PRO BASKETBALL—Would a fifth-place team trade the league's leading scorer? You betcha, said a local newspaper of New Orleans General Manager Lewis Schaffel's plans for Pete Maravich. That night the Jazz won its fourth straight, handing Portland only its seventh defeat of the season, 101-100, and went into fourth place in the Central. After the game, Maravich, who is averaging 27.9 points a game and has a no-cut contract, said he would never leave New Orleans and instead suggested that the GM be traded or take a "vacation in Iraq." The league's second-leading scorer, San Antonio's George Gervin (26.3), pumped in 36 points to spoil Seattle's first road outing after winning seven in a row at home, 119-113. The Spurs then took over the Central lead by beating the Pacers twice: the first lime at Indianapolis for San Antonio's 11th road victory, tying them with Phoenix for the second highest total in the league: and the second time at home, in a game in which the Pacers were held to a club-record regular-season low of 30 points in the first half. Injury-plagued Washington lost twice to fall into second place, a game behind the Spurs. Portland's defeat by the Jazz was amply offset by three wins and the Blazers gained half a game on Phoenix and took a 7½-game lead in the Pacific. Seattle, which has won 19 of its last 23, remained in third. Golden State and Los Angeles, despite going 2-0, were still 14½ and 16½ games out, respectively. Midwest leader Denver had its 10-game win streak snapped at Milwaukee 114-109 (page 52). Second-place Chicago, playing a weak schedule (Detroit, Indiana and Atlanta), gained 1½ games on the Nuggets. After trouncing the Kings at Kansas City 126-106, the Philadelphia 76ers got a few hours' sleep before leaving for Cleveland—a trip that took seven hours, most of it spent in O'Hare Airport in Chicago when their plane developed pressurization problems. The team finally arrived at its hotel in time for a pregame nap. "I think we were still asleep during the game," said Julius Erving after the Sixers lost 117-109 to the Cavs, ending a nine-game winning streak. The Sixers can afford to nap. The Knicks continued to skid, losing three more in the West, and although still in second place, they are now eight games out. The rest of the division—Buffalo (12½ games back), Boston (14½) and New Jersey (21½)—gave no indication of challenging and could only have been grateful for the snowstorm that canceled their Friday games.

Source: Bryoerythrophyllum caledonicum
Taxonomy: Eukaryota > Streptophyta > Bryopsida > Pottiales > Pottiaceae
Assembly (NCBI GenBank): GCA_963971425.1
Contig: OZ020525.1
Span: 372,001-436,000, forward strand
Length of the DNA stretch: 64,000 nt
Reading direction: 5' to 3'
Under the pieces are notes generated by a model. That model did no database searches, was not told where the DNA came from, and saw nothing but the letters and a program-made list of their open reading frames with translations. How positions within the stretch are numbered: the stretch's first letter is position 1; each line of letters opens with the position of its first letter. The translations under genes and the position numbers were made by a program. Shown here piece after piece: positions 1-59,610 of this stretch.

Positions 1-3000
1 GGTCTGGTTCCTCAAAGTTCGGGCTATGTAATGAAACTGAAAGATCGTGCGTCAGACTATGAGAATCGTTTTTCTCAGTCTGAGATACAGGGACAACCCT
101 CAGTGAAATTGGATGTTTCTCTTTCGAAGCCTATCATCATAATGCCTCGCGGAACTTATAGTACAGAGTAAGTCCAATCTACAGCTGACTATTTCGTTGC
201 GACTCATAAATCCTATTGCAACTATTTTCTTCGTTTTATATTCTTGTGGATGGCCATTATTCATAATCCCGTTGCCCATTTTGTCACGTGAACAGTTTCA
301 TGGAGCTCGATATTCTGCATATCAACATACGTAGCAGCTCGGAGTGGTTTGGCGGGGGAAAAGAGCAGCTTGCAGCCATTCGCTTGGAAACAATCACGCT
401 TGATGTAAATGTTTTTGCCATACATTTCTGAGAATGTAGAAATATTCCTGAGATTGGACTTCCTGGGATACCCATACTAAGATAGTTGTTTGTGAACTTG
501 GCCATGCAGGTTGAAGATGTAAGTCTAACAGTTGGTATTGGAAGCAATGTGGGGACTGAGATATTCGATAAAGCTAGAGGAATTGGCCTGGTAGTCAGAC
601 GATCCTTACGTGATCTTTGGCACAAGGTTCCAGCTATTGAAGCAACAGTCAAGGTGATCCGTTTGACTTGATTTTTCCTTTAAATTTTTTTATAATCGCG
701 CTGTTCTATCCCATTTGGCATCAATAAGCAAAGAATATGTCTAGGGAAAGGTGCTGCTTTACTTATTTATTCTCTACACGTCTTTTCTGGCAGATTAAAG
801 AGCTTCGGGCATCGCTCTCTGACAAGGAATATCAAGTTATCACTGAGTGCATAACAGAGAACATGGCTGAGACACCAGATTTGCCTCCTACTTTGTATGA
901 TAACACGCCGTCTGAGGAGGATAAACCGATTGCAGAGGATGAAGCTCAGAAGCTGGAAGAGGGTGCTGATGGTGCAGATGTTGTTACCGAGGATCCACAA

BOWLING—BILL COLEMAN upset top-seeded Johnny Petraglia 237-191 to win his first PBA title, the $125.000 Showboat Invitational in Las Vegas.
BOXING—WBA champion ROBERTO DURAN stopped WBC titleholder Esteban DeJesus in the 12th round to win the world lightweight championship in Las Vegas (page 14).
HOCKEY—NHL: One Saturday in the life of 20 New-York Islanders. A 5:30 a.m. wake-up call in St. Louis. A 6:45 a.m. arrival at the airport in St. Louis. A five-hour airport wait while the runways are being plowed in snowbound New York. A 3:10 p.m. arrival in New York. A 4:30 p.m. arrival at a suburban motel. A 5 p.m. pregame meal of eggs, pancakes and spaghetti. An 8:10 p.m. arrival for the scheduled 8 p.m. game against the Philadelphia Flyers. A one-hour wait for the appearance of Referee Dave Newell, who is stuck somewhere on the Long Island Rail Road. Finally, at 9:15 p.m., the face-off. By 11:48 p.m. the Islanders had routed the Flyers 6-1 and had tied them for first place in the Patrick Division. New York also defeated Minnesota 5-2 and St. Louis 3-0, while gaining five points on the Flyers, who had played Montreal to a 1-1 tie. New York's other team, the Rangers, had travel problems of another sort: when they arrived at their hotel in Vancouver, seven Rangers discovered that their luggage was en route to Tokyo. The Rangers later ended a three-year drought against Los Angeles with their first victory over the Kings in 11 games, 3-0. The Rangers continued their losing ways against Atlanta, falling to the Flames, 5-3, for the 10th time in 12 games. Don Edwards had his 24th victory, three more than any other goalie in the league, as Buffalo blitzed Cleveland 9-2. Stan Mikita's 507th career goal tied him with Jean Beliveau for fourth place on the alltime goal-scoring list and helped Chicago stop Washington 5-2. Hartland Monahan's two goals in 16 seconds lifted Los Angeles over Toronto 2-1. Andre St. Laurent had back-to-back two-goal games, giving him 12 goals in 13 games, as Detroit beat Chicago 4-2 and tied Colorado 4—4. Montreal extended its unbeaten streak to 15 games with victories over Vancouver and Cleveland and the tie at Philadelphia.